In Kobe there is the Kobe International Community Center. One of the services they provide is free weekly one-on-one Japanese lessons. Craig and I have both been going there. My tutor is named Sakamoto-sensei. She is really great. Craig's tutor doesn't speak English so all they do is study from a book, but Sakamoto-sensei speaks English and is happy to answer my questions. She is the person who explained the mystery of whether we were eating animal or vegetable, she translated some English into Japanese for me so I can make fliers advertising my English tutoring skills, and she even recommended a good Japanese shampoo.
A while ago I brought her a flier that had something to do with an exhibit of works by impressionists and post-impressionists that came from the Washington D.C. National Gallery. She explained to me where and when the exhibit was happening and, also being a lover of the arts, volunteered to go with me to Kyoto to see the exhibit. We went on a beautiful Thursday in October. It was so nice to go with someone who could read all the signs and understand all the announcements. Craig and I get along just fine but I think we both suspect we're never doing anything in the most straight forward way.
Here we are outside the museum. It was actually a pretty small collection but all were quite beautiful and, because I couldn't read the info on the sides of the paintings, I really did just study the paintings. Sakamoto-sensei has traveled a lot and has been to France a number of times. She pointed out the places she had been that had also inspired various paintings.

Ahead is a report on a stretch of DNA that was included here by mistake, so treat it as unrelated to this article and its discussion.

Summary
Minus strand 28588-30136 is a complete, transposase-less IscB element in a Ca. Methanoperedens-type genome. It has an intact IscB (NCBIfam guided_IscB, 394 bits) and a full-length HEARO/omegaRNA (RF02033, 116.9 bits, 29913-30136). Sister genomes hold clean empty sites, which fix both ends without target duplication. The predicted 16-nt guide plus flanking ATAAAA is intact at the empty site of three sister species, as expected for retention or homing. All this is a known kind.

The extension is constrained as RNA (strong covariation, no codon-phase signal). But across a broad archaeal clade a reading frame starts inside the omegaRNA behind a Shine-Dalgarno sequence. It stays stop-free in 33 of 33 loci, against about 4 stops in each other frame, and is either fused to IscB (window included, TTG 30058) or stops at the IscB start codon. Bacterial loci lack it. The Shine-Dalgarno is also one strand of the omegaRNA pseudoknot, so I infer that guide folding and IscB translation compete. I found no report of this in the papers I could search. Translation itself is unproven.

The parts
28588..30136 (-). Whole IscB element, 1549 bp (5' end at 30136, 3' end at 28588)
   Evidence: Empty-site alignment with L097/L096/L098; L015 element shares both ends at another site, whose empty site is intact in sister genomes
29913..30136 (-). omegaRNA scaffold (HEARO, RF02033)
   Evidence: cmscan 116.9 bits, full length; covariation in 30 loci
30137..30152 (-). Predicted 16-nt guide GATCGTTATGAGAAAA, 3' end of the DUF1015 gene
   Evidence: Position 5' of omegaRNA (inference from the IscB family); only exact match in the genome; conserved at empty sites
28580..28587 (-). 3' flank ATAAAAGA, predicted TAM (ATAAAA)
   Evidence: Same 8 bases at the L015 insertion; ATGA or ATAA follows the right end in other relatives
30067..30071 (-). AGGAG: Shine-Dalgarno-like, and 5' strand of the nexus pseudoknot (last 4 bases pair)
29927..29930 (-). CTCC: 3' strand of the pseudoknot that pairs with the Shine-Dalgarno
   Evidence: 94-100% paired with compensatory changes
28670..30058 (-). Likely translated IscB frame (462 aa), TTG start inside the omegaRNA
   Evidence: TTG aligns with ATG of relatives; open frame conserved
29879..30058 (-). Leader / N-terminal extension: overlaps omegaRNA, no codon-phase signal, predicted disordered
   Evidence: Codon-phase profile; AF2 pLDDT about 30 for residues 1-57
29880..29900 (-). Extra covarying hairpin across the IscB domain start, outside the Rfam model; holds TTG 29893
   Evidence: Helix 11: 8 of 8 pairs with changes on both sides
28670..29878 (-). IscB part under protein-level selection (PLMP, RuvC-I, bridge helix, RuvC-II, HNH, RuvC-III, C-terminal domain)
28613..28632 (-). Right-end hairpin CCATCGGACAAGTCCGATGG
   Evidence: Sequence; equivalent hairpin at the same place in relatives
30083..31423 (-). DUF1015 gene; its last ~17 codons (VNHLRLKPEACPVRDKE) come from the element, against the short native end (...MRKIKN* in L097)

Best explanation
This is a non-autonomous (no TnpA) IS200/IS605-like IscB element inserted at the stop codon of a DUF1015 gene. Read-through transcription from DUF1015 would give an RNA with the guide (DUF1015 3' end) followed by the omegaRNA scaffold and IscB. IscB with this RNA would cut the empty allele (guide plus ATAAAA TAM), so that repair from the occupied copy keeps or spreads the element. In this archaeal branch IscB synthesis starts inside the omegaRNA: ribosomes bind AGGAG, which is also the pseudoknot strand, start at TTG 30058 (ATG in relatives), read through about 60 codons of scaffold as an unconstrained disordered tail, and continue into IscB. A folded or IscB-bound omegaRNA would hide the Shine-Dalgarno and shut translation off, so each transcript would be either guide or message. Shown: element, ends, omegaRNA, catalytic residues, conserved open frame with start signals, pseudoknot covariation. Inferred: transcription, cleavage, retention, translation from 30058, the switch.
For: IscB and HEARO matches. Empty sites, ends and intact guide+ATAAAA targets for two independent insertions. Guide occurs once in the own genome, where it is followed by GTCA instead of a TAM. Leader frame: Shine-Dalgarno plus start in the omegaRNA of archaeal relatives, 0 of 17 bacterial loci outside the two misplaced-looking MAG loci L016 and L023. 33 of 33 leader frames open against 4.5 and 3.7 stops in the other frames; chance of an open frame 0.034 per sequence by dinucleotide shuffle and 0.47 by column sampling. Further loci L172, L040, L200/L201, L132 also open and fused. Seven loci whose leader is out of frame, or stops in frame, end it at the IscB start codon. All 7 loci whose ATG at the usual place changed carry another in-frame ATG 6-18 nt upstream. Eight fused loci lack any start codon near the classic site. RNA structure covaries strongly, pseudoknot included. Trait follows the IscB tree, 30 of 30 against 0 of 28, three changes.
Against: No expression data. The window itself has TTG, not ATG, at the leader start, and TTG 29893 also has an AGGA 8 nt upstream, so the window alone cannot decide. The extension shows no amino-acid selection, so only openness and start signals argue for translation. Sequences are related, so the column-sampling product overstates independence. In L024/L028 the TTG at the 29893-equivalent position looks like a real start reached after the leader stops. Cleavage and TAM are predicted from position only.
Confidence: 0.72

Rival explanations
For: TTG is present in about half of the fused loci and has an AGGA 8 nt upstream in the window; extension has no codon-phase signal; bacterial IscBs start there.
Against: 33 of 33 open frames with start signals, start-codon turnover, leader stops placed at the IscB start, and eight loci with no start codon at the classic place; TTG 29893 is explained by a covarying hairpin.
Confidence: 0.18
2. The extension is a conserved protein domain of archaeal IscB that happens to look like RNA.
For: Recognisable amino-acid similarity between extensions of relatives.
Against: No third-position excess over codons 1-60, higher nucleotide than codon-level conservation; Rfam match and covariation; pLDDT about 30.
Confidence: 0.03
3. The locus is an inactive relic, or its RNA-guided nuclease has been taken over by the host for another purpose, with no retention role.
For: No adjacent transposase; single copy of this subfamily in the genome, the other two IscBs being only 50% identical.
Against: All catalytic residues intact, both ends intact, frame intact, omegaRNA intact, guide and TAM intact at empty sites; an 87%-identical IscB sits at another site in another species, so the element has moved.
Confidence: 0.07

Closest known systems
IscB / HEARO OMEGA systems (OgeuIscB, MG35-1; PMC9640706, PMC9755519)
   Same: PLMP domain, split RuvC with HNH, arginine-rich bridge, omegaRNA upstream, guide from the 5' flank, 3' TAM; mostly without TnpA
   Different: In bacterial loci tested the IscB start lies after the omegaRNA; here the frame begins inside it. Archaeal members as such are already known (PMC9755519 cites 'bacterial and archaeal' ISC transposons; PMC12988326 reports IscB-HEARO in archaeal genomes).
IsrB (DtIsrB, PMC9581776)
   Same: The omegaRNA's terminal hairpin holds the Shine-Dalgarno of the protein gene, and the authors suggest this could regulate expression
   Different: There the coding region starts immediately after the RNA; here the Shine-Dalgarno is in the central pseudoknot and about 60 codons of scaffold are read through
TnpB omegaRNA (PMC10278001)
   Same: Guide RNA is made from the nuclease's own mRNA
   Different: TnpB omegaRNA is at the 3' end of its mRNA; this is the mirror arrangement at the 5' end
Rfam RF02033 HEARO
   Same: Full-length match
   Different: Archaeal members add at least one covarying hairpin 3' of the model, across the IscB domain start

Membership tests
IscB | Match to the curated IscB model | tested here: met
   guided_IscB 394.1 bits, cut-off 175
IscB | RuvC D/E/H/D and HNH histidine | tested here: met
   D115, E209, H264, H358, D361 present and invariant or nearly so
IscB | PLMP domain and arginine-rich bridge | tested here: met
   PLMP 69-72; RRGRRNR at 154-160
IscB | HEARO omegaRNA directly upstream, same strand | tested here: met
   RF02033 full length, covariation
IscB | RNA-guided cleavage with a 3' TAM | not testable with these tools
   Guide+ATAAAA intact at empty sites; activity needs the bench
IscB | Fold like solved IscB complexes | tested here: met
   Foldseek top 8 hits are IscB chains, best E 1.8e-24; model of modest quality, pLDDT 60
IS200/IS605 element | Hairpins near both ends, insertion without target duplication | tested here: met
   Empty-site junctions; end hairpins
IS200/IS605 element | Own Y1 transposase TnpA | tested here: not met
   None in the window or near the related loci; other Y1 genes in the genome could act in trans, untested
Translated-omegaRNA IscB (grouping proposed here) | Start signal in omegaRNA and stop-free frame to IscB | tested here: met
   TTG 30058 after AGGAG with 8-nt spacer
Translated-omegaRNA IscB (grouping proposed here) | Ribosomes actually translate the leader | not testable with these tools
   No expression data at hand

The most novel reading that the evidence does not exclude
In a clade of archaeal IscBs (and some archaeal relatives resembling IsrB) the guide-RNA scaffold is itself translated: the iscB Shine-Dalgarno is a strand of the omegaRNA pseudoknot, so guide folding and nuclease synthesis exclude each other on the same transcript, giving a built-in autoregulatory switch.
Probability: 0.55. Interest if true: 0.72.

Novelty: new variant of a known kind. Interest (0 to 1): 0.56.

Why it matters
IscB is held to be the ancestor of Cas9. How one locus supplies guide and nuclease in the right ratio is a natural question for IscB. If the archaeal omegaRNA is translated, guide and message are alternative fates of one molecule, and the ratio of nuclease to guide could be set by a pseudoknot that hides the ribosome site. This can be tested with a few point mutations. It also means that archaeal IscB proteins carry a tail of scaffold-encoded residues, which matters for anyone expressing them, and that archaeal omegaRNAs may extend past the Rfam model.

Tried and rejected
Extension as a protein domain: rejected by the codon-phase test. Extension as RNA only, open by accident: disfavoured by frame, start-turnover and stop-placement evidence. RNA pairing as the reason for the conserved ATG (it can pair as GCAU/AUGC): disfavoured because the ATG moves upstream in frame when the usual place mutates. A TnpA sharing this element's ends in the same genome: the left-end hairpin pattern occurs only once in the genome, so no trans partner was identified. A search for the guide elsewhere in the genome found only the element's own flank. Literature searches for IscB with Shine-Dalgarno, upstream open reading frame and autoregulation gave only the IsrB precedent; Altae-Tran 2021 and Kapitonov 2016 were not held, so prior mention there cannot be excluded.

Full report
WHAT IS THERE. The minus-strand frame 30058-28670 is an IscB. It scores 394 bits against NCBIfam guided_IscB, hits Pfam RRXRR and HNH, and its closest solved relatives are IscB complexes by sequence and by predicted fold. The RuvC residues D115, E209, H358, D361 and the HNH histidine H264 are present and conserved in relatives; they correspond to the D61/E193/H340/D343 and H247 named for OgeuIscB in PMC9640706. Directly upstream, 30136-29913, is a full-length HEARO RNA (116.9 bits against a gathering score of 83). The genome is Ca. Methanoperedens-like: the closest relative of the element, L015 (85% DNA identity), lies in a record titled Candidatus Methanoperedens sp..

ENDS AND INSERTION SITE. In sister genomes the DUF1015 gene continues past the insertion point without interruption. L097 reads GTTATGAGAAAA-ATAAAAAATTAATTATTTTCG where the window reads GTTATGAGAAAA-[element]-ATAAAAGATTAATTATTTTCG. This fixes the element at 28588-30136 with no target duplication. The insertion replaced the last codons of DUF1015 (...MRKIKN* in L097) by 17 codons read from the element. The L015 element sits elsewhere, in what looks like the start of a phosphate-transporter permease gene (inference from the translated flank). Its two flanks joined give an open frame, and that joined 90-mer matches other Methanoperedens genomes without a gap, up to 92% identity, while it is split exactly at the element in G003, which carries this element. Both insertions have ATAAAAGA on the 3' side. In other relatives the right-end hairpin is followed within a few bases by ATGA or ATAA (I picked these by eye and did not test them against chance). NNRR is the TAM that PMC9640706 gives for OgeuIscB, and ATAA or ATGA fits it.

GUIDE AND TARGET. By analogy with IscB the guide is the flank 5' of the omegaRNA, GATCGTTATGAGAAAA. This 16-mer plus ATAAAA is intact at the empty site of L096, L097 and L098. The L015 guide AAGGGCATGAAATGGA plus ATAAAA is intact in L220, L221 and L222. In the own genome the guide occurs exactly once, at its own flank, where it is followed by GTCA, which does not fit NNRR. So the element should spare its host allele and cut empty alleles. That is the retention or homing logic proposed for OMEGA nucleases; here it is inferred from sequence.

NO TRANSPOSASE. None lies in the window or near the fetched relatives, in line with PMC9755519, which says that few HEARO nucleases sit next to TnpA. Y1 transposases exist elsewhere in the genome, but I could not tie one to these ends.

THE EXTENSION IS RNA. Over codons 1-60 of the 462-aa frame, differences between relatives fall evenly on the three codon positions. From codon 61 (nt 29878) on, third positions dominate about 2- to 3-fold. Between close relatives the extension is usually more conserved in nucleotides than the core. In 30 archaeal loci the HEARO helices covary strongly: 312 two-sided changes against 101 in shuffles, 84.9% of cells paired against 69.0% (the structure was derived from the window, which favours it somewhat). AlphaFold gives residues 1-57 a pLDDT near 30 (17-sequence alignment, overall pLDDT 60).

After the museum we went to lunch. She had done some research and had discovered a famous Japanese buffet restaurant. I teased that the owners would see an American walk in and panic I'd eat all their profit margin. The food was what she described as "Japanese mama cooking." It was all really good. No sushi and there wasn't much that was fried. The dishes had lots of veggies and some fish. A lot of it I would describe as salads. There were foot long pieces of gobo (burdock root) that was battered and fried (I think the only fried food there). I had no idea if you were supposed to use chop sticks to eat it but Sakamoto-sensei used her fingers so I knew that was the proper way to do it.
After lunch she showed me around some of the shrines and temples in Kyoto. Craig and I had been there before but it was nice going with someone who knew more about the area. For instance, on the walk up to one temple there are a bunch of sweet shops that Craig and I had ignored. Turns out they give out crazy amounts of free samples so I got to try banana flavored mochi with azuki paste and regular mochi with chocolate - I preferred the chocolate. In one of the temples there was an exhibit of paper cutting art that was amazing. The artist created these really complicated scenes that would include details like whiskers on cats or steam rising from a bowl of soup all by cutting up a single piece of paper. After all the walking around we decided we deserved some dessert for our dinners (we had each told our husbands they were on their own for dinner that night). Afterwards we caught a train back to Kobe.
I know I've said it before but I'm going to keep saying - I owe a lot to people like Sakamoto-sensei who are willing to volunteer their time to teach or simply answer my questions and I totally have to pay-it-forward and volunteer myself when we get back to the states.